Q: My mother wants a lacy filler panel for the neckline of a V neck sweater. I see them all the time, have seen some bras with lace for this purpose, but I don't know what the non-bra version is called so I can find one.
A: Inserts of this type actually go by many names, which is one of the reasons that finding them can be confusing. Aside from the specific “brand names” for the product types sold on TV, there are ads for “patterns” to allow you to crochet your own.
The dickey was worn to enable a gentle man to present a fully dressed image, without adding yet another layer of fabric to his clothing. Remember in those days, long undergarments were often worn beneath a suit that included vest, and jacket, then an overcoat would be worn over the suit-coat. In warmer climates and seasons, this meant a simple dress shirt would only add another layer of warming insulation to the body. So, the dickey was worn in order to reduce the amount of layering, while still providing a gentlemen’s proper look.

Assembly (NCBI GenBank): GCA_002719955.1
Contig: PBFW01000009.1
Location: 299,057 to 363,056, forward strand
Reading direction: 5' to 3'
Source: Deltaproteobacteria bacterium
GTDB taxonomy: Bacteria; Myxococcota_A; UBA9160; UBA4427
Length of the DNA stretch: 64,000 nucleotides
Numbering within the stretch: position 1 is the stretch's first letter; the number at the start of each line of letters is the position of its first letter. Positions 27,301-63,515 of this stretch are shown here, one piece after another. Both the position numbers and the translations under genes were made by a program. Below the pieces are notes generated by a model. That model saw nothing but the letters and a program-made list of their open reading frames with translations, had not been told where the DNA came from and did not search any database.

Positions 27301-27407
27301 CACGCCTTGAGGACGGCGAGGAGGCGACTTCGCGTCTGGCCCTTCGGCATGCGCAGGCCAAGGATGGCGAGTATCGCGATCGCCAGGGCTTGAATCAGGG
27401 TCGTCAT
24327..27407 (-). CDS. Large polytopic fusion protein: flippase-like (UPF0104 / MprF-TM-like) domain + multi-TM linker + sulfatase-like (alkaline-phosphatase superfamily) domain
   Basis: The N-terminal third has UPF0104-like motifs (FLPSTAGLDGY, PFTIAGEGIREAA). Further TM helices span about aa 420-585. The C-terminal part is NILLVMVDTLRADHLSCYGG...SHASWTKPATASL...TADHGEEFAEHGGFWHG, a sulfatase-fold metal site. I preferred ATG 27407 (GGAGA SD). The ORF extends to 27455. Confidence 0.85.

For women, the chemisette was more a matter of modesty. While the silhouette of a woman’s form was often celebrated and accentuated by the fashions of the day, specific exposure of details such as cleavage was strictly frowned upon by a lady of quality. A lady would wear chemisettes to cover bare skin that might otherwise be revealed by the cut and design of ever-changing fashions.
Other terms you might use to find a ‘chemisette’ or similar type of item include: “Modesty Panel”, “Cleavage Cover”, or “Faux Camisole”.
Photo: Anna Rassadnikova/Shutterstock
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